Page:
But how do I get 15 year-olds who have been trained from a young age to read their books, do their vocabulary words, and memorize what the teacher tells them to change their ways and actually do this science? How do I give them the the science magic that I found during my college years? Thankfully I am not the only educator who has asked these questions and the creators of NGSS built in science and engineering practices to the standards. I’ve always planned my lessons with the science and engineering practices in mind but I’ve never really told my students what the practices are or how you exactly do those things. So this year I’ve promised myself that I’m going to be more deliberate about this. I made colorful posters with the practices on them and hung them in my room, and have told my students and their parents multiple times that I value the practices. I don’t think that these practices are THE ANSWER to helping students understand real science but I think they are a good place to build from.
I’m going to value these skills in my classroom and I added a grade book category just for them. My goal is to assess my students on one of the practices at least once a week and to be very explicit and clear with them what these skills look like.In an attempt to briefly outline mastery, proficient, and developing skills I put together a rubric that includes all 8 standards. I plan on using the rubric as a general guideline to grade various different projects or tasks, varying from exit slips or bell ringers to longer in-class activities. If I want to assess a certain practice more in-depth I will break it down into its own more detailed rubric, but for now this is what I’ve got. I’ve attached my first and second drafts of these rubrics in attempt to show how my thought process changed. I love google docs and have given all viewers of these documents the ability to add comments…please do so! I am more happy with iteration 2 but am not sure that everything is student friendly or actually what those skills look like. Big thanks to Camden Hanzlick-Burton and Michael Ralph and others on the KABT Facebook page who encouraged and pushed my thinking before I was quite ready to make a blog post.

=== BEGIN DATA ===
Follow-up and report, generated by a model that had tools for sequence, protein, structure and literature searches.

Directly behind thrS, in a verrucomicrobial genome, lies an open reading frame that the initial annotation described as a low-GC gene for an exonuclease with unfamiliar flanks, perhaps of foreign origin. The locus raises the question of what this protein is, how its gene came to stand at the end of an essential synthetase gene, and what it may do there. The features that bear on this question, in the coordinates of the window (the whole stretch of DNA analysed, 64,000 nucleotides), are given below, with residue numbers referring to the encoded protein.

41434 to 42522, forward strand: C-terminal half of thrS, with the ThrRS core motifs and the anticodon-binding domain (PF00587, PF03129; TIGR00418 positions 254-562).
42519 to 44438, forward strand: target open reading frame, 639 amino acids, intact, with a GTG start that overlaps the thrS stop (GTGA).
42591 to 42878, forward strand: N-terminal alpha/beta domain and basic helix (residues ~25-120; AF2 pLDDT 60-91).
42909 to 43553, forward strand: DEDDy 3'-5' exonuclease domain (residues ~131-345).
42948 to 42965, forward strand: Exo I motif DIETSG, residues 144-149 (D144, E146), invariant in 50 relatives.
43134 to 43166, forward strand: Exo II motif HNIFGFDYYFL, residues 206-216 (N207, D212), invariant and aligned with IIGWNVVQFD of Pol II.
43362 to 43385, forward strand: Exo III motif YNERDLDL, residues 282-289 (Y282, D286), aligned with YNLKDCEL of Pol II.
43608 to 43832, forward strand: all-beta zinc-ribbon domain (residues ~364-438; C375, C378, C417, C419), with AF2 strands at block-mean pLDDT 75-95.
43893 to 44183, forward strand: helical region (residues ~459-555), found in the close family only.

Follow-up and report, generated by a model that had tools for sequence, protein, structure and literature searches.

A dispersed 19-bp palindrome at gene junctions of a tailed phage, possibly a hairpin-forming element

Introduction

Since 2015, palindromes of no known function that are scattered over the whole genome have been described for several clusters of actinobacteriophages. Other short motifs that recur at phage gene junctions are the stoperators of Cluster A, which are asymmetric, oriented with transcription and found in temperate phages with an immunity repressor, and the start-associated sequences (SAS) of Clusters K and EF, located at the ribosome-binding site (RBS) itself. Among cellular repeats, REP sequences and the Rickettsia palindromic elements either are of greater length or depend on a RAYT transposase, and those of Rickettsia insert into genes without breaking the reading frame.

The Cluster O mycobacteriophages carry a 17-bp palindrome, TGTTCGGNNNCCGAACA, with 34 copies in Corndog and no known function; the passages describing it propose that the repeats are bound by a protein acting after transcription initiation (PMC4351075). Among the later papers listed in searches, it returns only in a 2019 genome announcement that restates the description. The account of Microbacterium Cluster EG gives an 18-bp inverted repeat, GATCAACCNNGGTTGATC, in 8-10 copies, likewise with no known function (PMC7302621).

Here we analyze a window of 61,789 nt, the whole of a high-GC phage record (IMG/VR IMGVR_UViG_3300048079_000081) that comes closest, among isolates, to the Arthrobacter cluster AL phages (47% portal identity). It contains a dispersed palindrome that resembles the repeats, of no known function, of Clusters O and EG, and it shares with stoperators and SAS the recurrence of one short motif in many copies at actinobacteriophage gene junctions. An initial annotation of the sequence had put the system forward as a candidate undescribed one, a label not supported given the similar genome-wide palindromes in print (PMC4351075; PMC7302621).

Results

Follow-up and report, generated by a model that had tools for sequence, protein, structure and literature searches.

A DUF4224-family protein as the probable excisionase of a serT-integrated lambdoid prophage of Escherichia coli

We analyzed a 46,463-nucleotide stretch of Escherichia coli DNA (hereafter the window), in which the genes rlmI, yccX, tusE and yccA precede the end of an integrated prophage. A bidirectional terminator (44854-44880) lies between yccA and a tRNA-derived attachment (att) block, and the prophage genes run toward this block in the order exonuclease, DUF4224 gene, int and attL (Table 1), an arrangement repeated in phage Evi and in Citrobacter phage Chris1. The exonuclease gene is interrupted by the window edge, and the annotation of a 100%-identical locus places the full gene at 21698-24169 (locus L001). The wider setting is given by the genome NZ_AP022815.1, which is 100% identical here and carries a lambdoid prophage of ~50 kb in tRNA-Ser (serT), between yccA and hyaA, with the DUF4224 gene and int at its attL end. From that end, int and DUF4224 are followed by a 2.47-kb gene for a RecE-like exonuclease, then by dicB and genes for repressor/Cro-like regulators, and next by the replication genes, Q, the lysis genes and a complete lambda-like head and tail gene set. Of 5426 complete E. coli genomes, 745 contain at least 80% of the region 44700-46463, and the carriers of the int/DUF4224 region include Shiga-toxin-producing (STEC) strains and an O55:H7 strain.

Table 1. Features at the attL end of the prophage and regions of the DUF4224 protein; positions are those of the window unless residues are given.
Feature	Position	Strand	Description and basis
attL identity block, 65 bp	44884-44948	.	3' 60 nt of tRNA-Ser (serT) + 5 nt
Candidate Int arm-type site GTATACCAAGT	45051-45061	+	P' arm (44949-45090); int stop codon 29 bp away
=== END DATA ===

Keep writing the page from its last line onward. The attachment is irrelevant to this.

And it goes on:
TLDR: Science is awesome! How do I get students to stop memorizing and do science? I made some rubrics to assess science and engineering skills but think they could use some improvement: HELP!
I have wanted to change the way I assess students for a while. I have made changes to how and when I grade assignments, the format of tests, and how understanding is communicated during and after lab activities. But in the end, I was still grading students the same way I always had, the same way I was in school, and the same way students have for quite a while. Kid accumulated points, some assignments were weighted more than others, and students who turned in most of their work on time (regardless of quality) tended to do well. This school year, I am not doing that. I will probably fail spectacularly. Luckily I have administrators who are supporting me, knowing I am trying to do what is best for our students. I am going to try this first with my AP Biology students, since I share the Biology 1 classes with two other teachers, and hope this leads to a wider transition.